Think about trying to penetrate (much less stand out in) mainstream retail wine shelf space the next time you walk into a grocery that carries wine (or a wine center store). It’s like looking at the salad dressing bottle shelves at WalMart. Your eyes glaze over at all the choices.

When the mind is presented with a zillion choices, one of two things tends to happen. People take the default choice (Gallo?, Wishbone?) or they make no choice at all. Next time you’re in your local grocery, watch people look at the wine shelves. They’ll look and look and in many cases, they’ll give up and take a Gallo (or whatever they saw on TV recently, or whatever is on sale).

Why? Because no one stands out in that environment. That’s why you see more and more outlandish labels and wine names. They know their bottles are on a shelf with 200 others so they’ll do A-N-Y-T-H-I-N-G to catch your eye.

What do you want me to do next?

Knowing that the competition (where you might not be stocked) often caters to “How much?”, why wouldn’t you try to hook folks while they’re in your tasting room? It’s the best possible situation for the winery. They can’t grab a Gallo. They can shop by price, but they still get to taste before they buy. They have experts to help them choose what fits their taste buds and their budget.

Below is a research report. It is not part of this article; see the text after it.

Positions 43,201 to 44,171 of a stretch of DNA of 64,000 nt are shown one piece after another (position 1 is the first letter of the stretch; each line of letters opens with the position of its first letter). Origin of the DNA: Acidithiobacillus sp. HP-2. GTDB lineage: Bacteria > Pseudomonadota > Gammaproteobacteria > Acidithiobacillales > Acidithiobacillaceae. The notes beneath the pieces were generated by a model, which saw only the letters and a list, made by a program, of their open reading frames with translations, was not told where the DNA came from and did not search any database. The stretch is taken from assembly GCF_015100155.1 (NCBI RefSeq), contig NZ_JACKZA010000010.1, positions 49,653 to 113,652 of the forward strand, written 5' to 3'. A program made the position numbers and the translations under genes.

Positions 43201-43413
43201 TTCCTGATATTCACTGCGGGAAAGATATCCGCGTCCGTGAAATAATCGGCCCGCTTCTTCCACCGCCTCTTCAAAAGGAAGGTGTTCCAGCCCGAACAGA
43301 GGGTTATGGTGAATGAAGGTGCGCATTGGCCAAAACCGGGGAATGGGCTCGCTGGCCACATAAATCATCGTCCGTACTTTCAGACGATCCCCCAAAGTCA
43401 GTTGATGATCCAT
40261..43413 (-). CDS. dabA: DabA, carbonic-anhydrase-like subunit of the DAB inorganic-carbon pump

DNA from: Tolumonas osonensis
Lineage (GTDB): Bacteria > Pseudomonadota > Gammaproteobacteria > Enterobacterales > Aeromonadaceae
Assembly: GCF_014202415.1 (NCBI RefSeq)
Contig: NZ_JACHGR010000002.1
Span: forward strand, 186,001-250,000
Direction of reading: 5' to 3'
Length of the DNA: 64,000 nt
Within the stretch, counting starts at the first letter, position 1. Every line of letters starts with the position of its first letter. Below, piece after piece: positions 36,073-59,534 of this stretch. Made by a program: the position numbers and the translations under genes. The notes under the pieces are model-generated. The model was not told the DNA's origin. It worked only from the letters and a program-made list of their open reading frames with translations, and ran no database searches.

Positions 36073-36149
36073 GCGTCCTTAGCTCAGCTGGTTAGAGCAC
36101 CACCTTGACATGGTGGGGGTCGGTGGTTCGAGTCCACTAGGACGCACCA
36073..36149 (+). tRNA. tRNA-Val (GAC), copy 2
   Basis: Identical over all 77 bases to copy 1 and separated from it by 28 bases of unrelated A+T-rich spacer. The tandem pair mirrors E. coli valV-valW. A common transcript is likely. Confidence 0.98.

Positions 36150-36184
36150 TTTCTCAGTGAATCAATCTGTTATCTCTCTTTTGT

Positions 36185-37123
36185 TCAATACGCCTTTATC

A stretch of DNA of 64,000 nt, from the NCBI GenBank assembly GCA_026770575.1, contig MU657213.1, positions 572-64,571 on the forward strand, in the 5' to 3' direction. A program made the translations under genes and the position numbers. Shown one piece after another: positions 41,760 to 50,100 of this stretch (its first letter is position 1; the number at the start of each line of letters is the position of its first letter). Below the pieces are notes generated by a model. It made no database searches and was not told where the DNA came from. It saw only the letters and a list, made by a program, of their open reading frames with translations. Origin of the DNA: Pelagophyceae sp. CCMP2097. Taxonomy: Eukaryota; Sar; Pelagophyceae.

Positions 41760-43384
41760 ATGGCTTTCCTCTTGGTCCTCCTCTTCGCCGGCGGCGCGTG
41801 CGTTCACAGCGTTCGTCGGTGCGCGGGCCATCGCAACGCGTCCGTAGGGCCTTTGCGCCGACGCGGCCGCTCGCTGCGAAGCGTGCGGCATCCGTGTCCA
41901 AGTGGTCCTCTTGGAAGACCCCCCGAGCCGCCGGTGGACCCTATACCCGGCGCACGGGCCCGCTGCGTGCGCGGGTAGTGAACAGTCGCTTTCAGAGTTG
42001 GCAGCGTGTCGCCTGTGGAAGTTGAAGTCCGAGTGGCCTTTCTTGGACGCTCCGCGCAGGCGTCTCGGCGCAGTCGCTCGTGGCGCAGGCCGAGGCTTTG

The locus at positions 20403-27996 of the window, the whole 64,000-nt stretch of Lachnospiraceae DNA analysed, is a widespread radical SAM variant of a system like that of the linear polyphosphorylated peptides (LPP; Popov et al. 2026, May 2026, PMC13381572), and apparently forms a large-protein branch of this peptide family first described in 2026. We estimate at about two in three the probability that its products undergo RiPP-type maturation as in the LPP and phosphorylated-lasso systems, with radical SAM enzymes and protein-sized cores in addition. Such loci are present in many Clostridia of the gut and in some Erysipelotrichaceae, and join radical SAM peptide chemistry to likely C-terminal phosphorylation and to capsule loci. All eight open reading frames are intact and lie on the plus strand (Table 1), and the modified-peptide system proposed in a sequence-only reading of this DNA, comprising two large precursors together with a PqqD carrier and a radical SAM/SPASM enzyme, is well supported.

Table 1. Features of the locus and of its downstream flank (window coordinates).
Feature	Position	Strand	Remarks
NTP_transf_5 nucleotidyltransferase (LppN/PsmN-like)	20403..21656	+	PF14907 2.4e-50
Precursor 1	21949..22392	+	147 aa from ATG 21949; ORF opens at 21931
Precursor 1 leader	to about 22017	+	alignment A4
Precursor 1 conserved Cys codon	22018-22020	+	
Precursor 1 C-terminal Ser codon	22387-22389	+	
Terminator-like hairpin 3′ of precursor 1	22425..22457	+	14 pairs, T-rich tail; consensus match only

There’s something else critical about that the tasting room visitor: She walks in the front door with a sign over her head that says “I like wine and I’m willing to drive all the way here to try YOURS.”  Think about how often you get the opportunity to make a first impression on someone who has tipped their hand that strongly.

What does the winery want them to do next? Beyond taking home a case (or even a single bottle), they want these visitors to go home and order more of their wines online (if they can). They want them to ask their local store to stock or custom order them. They want their visitors want them to go to the DailyGrape and watch Gary‘s reviews of their wines and then order from him.

If that’s what you want them to do, you have to make it easy.

And now, it’s your turn.

Now…think about the “browsers” who enter your business. Think about the first time buyers and, where appropriate, the tourists who enter your business.